• Lifting an expendable upper stage unit which it can then launch, and which can carry the payload to orbit
  • Operate with a launch cost less than 1/10 that of current launch systems (i.e. around US $5 million per flight).

Three groups of companies were awarded initial design concept contracts:  Boeing and Blue Origin, Masten Space Systems and XCOR Aerospace, and Northrop Grumman and Virgin Galactic. None of these may be awarded the development contract, which is intended to see the project to a point where test flights could commence in 2020.

To be successful, the vehicle will make use of advanced materials, cryogenic tanks, durable thermal protection, and modular subsystems. These, coupled with a reliable, re-usable propulsion system, would make it possible for the vehicle to achieve the hoped-of low-cost, rapid launch and re-use capability.

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Space Sunday: launches, storms, simulations, and space walks

A artist’s impression of the Orion vehicle, in its launch shroud and with attached launch abort system, being attached to is SLS launch vehicle in NASA’s Vehicle Assembly Building. Credit NASA

NASA has confirmed the first flight of the Orion / Space Launch System (SLS) will not include a crew. As I recently reported, the US space agency had been considering shifting gear with with the new combination of launch vehicle and the Orion Multi-Purpose Crew Vehicle to include a crew on the maiden flight, referred to as Exploration Mission 1 (EM-1). The change in direction was prompted by a request from the Trump administration to acting NASA Administrator Richard Lightfoot, in an attempt to accelerate the human space flight programme.

On Friday, May 12th, Lightfoot indicated that while it would be technically feasible to make EM-1 a crewed mission, the agency would not do so on the grounds of costs. For an uncrewed flight, the Orion vehicle does not need to be equipped the life support, flight control and other additional systems a crew would need. would require. Doing so would require an additional expenditure of between US $600 and $900 million  – costs which would otherwise be deferred across several years in the run-up to the originally planned crewed launch for Orion / SLS – called EM-2, slated for 2021. However, EM-1 will still be delayed until mid-2019.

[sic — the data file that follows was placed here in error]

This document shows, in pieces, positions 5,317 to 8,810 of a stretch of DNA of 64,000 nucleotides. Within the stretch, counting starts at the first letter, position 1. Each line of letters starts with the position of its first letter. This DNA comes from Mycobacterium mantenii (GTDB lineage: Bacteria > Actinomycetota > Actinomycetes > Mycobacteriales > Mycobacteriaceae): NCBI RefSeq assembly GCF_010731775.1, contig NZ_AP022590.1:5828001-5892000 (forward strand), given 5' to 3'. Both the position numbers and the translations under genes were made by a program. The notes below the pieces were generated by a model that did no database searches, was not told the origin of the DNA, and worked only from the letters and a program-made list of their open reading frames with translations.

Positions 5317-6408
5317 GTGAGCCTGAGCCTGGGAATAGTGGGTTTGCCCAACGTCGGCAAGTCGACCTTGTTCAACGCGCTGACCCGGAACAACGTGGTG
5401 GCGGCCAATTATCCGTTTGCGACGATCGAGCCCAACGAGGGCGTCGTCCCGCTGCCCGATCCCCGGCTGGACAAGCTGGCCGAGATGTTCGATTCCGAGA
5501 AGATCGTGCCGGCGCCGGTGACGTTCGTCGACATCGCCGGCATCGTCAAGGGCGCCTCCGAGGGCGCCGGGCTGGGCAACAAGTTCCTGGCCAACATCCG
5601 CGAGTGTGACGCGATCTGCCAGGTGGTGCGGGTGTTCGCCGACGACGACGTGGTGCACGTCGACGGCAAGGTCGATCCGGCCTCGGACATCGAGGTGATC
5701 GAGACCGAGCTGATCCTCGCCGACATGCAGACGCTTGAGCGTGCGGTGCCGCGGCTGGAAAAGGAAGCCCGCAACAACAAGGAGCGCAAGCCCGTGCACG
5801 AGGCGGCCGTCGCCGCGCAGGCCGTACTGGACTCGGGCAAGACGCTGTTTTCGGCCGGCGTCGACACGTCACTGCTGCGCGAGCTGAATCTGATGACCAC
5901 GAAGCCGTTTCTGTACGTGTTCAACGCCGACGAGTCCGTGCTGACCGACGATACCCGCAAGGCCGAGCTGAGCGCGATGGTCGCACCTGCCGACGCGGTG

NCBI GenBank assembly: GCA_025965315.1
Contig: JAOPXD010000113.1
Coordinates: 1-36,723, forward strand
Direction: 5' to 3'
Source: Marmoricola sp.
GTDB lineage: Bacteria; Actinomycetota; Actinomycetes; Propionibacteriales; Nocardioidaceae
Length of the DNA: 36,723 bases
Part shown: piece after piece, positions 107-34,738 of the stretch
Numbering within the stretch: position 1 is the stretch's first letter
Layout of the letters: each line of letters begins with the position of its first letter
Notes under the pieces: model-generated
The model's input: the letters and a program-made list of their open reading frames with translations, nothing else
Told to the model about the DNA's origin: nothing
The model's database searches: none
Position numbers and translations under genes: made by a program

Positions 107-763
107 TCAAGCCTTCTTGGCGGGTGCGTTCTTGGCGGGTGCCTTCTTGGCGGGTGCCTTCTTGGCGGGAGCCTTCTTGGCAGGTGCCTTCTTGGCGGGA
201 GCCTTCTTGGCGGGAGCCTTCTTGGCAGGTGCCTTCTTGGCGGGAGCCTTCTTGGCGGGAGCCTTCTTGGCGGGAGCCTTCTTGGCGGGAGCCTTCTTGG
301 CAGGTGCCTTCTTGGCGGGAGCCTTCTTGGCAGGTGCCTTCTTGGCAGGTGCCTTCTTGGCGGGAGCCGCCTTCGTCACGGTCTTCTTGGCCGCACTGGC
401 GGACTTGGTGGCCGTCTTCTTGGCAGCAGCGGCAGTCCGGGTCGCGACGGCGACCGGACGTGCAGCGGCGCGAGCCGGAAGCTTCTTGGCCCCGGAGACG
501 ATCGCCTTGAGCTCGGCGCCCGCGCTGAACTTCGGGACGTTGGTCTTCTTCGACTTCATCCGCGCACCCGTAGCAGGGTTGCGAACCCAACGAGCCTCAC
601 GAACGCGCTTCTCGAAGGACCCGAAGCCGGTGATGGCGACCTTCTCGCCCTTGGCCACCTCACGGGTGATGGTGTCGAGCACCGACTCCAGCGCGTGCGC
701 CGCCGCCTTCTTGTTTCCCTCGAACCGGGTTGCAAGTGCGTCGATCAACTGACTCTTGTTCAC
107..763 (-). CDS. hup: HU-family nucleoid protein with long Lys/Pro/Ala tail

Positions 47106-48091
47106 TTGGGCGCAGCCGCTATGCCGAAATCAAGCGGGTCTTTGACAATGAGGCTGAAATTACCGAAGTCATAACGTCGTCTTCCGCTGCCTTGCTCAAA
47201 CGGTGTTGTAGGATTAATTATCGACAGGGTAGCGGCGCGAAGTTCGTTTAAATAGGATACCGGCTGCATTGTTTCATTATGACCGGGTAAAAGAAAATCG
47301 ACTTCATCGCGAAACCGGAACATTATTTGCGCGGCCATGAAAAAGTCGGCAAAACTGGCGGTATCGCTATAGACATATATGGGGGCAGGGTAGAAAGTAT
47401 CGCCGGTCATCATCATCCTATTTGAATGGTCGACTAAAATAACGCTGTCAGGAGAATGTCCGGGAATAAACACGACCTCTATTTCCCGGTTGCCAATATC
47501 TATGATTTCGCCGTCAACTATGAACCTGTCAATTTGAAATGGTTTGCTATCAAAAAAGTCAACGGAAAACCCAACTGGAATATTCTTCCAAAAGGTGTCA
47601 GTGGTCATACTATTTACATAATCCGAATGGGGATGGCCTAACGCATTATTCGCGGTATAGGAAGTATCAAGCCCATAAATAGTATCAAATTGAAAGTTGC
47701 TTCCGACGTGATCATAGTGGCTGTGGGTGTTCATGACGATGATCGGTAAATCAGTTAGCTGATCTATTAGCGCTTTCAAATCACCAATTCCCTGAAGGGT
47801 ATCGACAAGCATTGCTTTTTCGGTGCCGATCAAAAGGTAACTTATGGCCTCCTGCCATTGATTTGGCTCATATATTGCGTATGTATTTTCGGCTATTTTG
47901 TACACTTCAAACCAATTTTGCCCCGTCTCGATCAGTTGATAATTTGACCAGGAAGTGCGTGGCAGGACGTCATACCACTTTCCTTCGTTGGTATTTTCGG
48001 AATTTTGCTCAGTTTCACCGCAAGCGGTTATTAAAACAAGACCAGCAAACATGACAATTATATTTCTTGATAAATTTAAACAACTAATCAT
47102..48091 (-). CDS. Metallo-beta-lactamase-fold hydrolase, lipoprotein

Orion’s first deep space mission, EM-1 will remain an extended uncrewed flight to cislunar space, and will take place around mid-2019. Credit: NASA

The reasons for the EM-1 delay are due to unrelated issues with various parts of the Orion / SLS programme. Again, as covered in recent Space Sunday updates, the European-built Service Module, which will provide the Orion capsule with power, consumables and propulsion, is running behind schedule. In addition, the programme is also experiencing delays in developing key software.

These issues mean that pushing back the EM-1 launch was fairly inevitable. Had NASA been able to comfortably combine equipping the Orion vehicle for a crewed launch in 2019, then it would have roughly coincided with the 50th anniversary the first human lunar landing by NASA astronauts Neil Armstrong and Buzz Aldrin during the Apollo 11 mission in July 1969.  Instead, NASA will continue implementing the current baseline plan, with the second Orion / SLS flight carrying a crew into space. However, this mission may also be pushed back beyond 2021.

Saturn’s Hexagon to Star in Cassini’s Finale

As I’ve been covering, the joint NASA-ESA Cassini mission to Saturn is now in its last phase, as the spacecraft makes a final series of 22 orbits around the planet, diving between Saturn’s cloud tops and its rings in the process.

Saturn’s enormous north polar hexagonal storm, as imaged by Cassini on January. 22nd, 2017. Credit: NASA/JPL